For the record: I am not having an emotional affair. I need to articulate that very clearly because it gets a little uncomfortable when visiting my in-laws and they ask me what I’m writing about these days.
“Emotional affairs,” I say.
I really did not set out to become an emotional affair expert. I did not major in “Infidelity Studies” at college. I wrote my first article on this topic three years ago because I noticed a very clear pattern in the mail I received from my readers. Over and over again I would read about a kind of romantic relationship outside of marriage that kept a person stuck in depression or anxiety. Countless readers were investing themselves into uncommitted relationships with the opposite sex expecting to get their needs met when no promises or expectations had been laid down. It was like seeing the same train wreck time after time. Lots of hearts broken.
The more I have read and studied this topic—and the more emails and comments I read on my posts—the more I view these emotional affairs like termites, gradually and delicately spinning a web around a person’s depression and/or anxiety so she becomes trapped in the painful stuff. They inhibit recovery. I’m convinced of that. And with the popularity of this subject, I’m convinced that most people in America must be having one … without any recognition as to what’s really going on. Unlike a physical affair, which is obvious to identify, emotional affairs are subtle, elusive, individualized. Psychotherapist M. Gary Neuman, author of “Emotional Infidelity” defined emotional affairs this way in a recent Redbook magazine article:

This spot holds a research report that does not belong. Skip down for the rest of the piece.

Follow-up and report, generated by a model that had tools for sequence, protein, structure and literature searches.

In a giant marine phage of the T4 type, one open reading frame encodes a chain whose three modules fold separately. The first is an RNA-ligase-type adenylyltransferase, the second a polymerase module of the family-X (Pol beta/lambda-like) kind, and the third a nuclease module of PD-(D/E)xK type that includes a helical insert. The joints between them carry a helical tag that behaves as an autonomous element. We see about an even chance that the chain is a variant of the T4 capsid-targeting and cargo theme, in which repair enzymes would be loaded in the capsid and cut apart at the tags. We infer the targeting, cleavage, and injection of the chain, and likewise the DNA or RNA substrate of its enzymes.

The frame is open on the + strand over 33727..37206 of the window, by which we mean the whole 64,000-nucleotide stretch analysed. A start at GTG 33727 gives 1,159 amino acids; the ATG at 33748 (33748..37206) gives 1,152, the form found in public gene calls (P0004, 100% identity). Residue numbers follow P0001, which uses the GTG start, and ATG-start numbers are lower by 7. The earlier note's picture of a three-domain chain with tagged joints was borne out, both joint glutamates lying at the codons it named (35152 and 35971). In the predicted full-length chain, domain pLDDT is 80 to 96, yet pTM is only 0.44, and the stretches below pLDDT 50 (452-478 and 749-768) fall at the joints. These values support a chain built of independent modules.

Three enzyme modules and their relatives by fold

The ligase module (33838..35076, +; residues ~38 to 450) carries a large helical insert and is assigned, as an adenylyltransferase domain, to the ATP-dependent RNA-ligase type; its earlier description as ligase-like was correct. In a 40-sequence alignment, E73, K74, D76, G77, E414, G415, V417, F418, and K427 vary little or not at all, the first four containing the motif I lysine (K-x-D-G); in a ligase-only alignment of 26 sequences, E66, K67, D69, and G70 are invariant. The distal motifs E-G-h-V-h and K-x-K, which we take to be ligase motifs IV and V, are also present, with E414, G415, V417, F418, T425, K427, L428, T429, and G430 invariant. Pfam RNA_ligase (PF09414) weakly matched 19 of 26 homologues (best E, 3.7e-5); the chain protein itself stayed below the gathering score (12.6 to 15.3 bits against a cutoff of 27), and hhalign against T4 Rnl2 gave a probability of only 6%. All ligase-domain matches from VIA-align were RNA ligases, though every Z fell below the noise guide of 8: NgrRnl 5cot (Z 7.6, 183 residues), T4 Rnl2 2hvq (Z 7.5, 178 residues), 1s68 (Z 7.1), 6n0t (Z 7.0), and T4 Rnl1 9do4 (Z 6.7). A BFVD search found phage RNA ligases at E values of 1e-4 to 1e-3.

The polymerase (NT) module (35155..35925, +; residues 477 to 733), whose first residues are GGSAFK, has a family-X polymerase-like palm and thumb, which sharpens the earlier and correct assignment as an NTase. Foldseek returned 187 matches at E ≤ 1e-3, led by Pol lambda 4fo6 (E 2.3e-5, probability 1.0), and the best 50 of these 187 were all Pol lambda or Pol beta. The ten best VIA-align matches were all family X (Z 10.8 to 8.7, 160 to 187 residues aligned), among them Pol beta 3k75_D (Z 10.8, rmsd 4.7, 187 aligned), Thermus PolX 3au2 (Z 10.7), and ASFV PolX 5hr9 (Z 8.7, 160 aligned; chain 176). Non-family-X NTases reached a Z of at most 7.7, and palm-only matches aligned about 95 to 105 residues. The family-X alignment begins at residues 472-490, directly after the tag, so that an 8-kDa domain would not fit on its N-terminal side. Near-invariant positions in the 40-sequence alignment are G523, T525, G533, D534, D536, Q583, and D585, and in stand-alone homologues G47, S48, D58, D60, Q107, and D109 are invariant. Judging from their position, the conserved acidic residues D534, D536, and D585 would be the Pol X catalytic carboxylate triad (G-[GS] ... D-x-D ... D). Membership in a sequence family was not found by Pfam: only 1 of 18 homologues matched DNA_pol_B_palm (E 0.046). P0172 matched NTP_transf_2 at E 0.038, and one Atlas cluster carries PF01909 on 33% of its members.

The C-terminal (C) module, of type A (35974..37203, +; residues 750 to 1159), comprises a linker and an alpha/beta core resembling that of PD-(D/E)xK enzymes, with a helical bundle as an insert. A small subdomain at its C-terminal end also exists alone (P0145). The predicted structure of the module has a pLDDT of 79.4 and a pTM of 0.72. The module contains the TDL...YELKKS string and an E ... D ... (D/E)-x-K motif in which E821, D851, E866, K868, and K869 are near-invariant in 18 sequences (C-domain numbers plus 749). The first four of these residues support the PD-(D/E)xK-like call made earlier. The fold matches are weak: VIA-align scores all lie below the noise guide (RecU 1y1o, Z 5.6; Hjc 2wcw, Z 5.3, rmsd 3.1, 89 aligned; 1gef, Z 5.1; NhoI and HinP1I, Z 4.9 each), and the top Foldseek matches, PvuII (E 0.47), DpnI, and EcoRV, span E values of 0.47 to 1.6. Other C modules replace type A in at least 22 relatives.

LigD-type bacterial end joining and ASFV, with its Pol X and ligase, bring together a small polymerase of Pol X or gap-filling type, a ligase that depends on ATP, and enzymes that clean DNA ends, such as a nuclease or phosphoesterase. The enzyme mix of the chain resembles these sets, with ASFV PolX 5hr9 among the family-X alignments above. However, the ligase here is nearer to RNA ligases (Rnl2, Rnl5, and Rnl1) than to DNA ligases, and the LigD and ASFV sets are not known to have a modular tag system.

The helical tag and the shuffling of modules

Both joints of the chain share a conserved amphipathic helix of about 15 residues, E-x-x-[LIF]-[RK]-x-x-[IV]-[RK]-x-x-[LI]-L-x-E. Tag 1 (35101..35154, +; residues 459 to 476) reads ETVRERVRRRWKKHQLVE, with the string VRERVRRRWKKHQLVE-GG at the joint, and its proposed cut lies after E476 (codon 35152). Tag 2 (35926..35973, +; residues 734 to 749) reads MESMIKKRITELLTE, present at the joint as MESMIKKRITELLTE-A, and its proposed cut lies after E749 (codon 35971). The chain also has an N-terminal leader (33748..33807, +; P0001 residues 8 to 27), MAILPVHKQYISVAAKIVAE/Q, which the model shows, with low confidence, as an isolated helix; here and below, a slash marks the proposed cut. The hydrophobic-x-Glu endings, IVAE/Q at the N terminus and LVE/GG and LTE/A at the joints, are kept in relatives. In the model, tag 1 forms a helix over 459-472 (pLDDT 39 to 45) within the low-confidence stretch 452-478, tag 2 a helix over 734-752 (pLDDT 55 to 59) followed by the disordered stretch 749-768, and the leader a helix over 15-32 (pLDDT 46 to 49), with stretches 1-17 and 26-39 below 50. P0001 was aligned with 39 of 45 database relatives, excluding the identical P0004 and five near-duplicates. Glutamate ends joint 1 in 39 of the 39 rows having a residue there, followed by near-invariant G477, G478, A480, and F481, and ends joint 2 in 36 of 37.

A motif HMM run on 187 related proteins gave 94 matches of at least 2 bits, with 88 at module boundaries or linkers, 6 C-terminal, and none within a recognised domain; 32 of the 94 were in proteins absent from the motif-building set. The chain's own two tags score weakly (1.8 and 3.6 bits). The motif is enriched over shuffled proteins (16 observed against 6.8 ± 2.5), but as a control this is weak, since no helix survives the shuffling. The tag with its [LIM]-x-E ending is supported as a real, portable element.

An emotional affair happens when you put the bulk of your emotions into the hands of somebody outside your marriage…. We only have so much emotional energy; the more of it we spend outside our marriage, the less we have inside our marriage. And after awhile, we simply do not have enough emotions and love and caring and time for both.
That’s the most succinct, accurate definition I’ve come across in my studies as an “emotional affair expert.” Also helpful are these ten red flags by Jeff Herring, a marriage and family therapist and an internationally syndicated relationship columnist (Knight-Ridder/Tribune Media Services):
1) Thinking or saying, “We’re just friends” — “But we’re just friends” are four of the most dangerous words for a relationship. These words are usually said to rationalize something you know is wrong.
2) Thinking and daydreaming about the person more and more often — This should be a loud, screaming clue. Do you think and daydream about your regular friends in this way?
3) Looking forward to the next time you can see and/or talk to the person — If you feel excitement and anticipation, a quickening of your pulse, as you get ready to see this person, watch out.
4) Wanting to tell them first when something happens in your day — This means that this person has become your primary emotional confidant.
5) Sharing intimate emotions — This flows naturally from this person being your primary emotional confidant.